Name/value: the actual name/value pairs in the Key "directory". Each key can have a default value, whose name is (an empty string).

Example

Example that tries to get a value:

uses ... registry...

var
  CompileCommand: string='';
  Registry: TRegistry;
begin
  Registry := TRegistry.Create;
  try
    // Navigate to proper "directory":
    Registry.RootKey := HKEY_LOCAL_MACHINE;
    if Registry.OpenKeyReadOnly('\SOFTWARE\Classes\InnoSetupScriptFile\shell\Compile\Command') then
      CompileCommand:=Registry.ReadString(''); //read the value of the default name
  finally
    Registry.Free;  // In non-Windows operating systems this flushes the reg.xml file to disk
  end;
end;

Accessing 64 bit and 32 bit registry views

If you have 64 bit Windows, the registry is split up into a 64 bit and 32 bit (compatibility) part. By default, if you run a 32 bit process, you see the 32 bit part; if you run a 64 bit application, you see the 64 bit part.

You can also access the 32 bit part from 64 bit applications and vice versa. From MSDN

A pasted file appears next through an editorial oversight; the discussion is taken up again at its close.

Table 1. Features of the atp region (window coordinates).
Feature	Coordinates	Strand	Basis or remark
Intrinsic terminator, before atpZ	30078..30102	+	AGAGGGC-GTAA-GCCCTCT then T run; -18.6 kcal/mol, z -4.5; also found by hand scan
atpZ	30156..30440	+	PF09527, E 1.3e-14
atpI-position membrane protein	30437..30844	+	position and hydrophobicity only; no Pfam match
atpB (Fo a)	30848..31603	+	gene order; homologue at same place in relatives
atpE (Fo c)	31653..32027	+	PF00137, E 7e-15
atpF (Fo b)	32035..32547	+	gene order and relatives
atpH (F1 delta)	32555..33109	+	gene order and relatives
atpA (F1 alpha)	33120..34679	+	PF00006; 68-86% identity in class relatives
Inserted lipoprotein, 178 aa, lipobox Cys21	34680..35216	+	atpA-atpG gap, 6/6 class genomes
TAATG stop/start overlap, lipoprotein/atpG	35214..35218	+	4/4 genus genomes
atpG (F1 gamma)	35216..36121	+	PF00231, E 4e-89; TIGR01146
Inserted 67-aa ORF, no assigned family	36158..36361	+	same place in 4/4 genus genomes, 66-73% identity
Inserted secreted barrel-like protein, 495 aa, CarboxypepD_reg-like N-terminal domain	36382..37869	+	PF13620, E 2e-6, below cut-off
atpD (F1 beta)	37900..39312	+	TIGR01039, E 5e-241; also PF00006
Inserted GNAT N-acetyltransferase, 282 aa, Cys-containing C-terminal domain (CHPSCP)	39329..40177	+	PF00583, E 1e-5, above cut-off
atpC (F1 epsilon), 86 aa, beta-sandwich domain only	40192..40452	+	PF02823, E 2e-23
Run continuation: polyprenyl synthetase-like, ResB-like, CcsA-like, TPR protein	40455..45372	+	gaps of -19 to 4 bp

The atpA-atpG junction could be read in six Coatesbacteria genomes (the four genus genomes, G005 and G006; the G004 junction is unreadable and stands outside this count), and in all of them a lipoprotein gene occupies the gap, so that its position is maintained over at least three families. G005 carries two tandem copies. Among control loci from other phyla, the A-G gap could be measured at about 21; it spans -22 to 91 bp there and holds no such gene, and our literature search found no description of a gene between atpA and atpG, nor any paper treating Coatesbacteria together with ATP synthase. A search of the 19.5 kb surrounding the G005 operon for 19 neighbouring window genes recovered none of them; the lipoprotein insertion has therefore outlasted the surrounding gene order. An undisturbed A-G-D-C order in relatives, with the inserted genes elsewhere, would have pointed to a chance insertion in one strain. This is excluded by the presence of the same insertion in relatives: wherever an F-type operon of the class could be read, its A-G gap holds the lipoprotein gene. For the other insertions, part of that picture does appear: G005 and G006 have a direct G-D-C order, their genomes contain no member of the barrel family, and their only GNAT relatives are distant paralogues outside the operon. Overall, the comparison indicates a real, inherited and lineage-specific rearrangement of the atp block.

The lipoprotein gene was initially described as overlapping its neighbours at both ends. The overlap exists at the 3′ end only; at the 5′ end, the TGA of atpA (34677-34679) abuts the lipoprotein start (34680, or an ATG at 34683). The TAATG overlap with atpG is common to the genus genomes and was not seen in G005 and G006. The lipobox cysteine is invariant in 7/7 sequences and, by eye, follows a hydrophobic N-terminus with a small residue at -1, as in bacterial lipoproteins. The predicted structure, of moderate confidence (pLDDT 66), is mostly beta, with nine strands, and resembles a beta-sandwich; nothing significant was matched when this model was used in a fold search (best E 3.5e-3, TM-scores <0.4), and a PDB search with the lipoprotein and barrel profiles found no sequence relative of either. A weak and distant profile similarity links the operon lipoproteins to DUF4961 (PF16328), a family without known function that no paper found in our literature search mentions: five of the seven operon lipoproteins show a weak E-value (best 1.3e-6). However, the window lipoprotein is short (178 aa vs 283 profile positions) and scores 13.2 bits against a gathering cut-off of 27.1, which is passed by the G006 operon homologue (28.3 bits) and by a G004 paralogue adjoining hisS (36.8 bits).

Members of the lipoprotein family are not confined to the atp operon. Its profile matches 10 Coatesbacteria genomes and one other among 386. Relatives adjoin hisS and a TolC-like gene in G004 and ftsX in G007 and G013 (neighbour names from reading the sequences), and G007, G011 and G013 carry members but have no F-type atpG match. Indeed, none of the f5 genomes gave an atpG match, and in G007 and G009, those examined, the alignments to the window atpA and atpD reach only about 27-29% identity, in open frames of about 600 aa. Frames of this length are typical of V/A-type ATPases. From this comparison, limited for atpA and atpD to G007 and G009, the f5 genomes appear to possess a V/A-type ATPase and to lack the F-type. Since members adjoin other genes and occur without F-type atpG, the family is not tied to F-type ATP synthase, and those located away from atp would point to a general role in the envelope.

• KEY_WOW64_64KEY: Access a 64-bit key from either a 32-bit or 64-bit application.
  • KEY_WOW64_32KEY: Access a 32-bit key from either a 32-bit or 64-bit application.

These keys are defined in the registry unit so you can just use them: eg in the registry object's Access property, like this:

Registry := TRegistry.Create;
Try
  Registry.Access:=Registry.Access or KEY_WOW64_64KEY;

or in the registry.create call, eg:

TRegistry.Create(KEY_READ or KEY_WOW64_64KEY);

Administrative privileges

Depending on what you want to read/write in the Windows registry, you may need administrator rights and elevation (Windows Vista+). Please see Use manifest file to set execution level

See also

Packages List